Weight Forcing NASA To Shrink Orion Crew

Frank Morring, Jr. morring@aviationweek.com

NASA engineers are "on the verge" of pulling two crew seats from their design for the Orion crew exploration vehicle, at least at first, to save weight.

That would mean that when NASA regains the ability to fly astronauts to orbit in the post-shuttle era, it will start with a crew of four instead of six. Four seats have been the baseline for the version of Orion that would take astronauts back to the Moon, but the initial operational capability (IOC) to deliver crew to the International Space Station (ISS) currently calls for a six-seat version.

Jeff Hanley, manager of the Constellation Program that is developing the Orion, its Ares I crew launch vehicle and the follow-on lunar vehicles, told Aviation Week on April 22 that the Orion design is within "plus or minus a couple of hundred pounds" of the 21,000-pound maximum for the command module set by a requirement to land safely with only two of the three main parachutes deployed.

"Right now we're studying and really on the verge of deciding that we're going to start with four," Hanley said. "That gives us a common lunar and ISS version, but we've sized the system and have a design for six, so we'll grow our capability as we need it."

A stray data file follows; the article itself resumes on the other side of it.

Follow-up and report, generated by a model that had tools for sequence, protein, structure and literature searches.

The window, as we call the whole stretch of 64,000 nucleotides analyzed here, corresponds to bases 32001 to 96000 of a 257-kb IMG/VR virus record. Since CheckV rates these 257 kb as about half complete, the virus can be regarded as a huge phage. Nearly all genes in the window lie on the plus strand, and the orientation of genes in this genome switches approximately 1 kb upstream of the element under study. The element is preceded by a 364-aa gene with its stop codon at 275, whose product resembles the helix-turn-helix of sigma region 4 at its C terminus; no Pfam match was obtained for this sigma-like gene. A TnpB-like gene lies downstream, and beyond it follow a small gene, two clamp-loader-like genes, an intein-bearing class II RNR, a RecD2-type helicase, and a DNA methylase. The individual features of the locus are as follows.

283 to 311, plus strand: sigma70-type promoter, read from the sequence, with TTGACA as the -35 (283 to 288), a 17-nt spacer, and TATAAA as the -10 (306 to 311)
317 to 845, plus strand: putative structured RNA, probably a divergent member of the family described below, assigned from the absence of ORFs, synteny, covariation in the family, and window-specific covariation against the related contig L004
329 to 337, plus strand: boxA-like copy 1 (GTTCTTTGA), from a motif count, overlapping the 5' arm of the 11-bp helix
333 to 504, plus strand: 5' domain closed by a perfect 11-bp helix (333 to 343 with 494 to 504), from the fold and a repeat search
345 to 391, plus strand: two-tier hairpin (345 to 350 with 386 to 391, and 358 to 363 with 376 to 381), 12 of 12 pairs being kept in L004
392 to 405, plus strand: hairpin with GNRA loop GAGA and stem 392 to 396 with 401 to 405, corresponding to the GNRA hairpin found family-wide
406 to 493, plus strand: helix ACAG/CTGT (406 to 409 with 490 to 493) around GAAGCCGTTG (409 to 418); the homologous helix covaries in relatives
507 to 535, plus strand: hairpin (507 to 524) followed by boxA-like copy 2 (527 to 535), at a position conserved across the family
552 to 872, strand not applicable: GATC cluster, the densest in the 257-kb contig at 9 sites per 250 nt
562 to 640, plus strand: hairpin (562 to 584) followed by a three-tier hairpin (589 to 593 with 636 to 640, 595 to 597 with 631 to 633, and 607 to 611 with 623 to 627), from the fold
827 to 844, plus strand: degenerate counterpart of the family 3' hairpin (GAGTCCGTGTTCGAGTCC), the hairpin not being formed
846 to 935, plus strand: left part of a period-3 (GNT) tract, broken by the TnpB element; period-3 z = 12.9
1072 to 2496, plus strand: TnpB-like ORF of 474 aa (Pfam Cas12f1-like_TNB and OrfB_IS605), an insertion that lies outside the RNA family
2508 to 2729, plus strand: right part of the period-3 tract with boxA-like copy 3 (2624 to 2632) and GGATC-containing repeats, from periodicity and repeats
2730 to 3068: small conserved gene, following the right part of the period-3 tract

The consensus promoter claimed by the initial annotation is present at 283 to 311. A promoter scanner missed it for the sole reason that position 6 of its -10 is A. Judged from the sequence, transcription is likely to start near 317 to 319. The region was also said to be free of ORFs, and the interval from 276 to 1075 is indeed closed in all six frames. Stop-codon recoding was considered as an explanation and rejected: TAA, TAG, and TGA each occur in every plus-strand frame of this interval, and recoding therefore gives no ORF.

Hanley said the design change has been developed in consultation with the ISS program, which plans to double the station crew size from three to six by the end of next month. The station could sustain the larger crew size with a four-seat Orion because "our Russian partners are always going to fly Soyuz or something derivative to that, so we'll have the full coverage of being able to get the crew off the station in a pinch on the Soyuz and in the Orion." Presently one three-seat Soyuz capsule is kept at the ISS at all times as a crew lifeboat, and a second will be added to accommodate the larger crew.

Orion consists of a launch abort system that is jettisoned after ascent, a service module that stays with the vehicle until shortly before re-entry, and the command module where the crew rides during ascent, re-entry and en route to the ISS in the initial version. Hanley said the command module weight problem has persisted "for quite a while" as the Orion project has refined its design, but does not include 12-15 percent in growth margin still held against the day prime contractor Lockheed Martin starts bending metal on flight hardware.

"We're going to have the Orion preliminary design review in August," he said. "We'll review where we stand with all of that, and the amount of margin we're still holding back. We're flirting with that limit, but still protecting mass growth allowance and project manager's reserve.

"That reserve is meant to deal with the uncertainties with the design that remain because we don't have actual hardware weights yet; we have hardware predicted weights."

By designing to a four-seat IOC, Hanley said, "that gives us a good amount of early relief while we go and learn about the way the system's really going to perform in the early flights."

AviationWeek.com photo by Jefferson Morris

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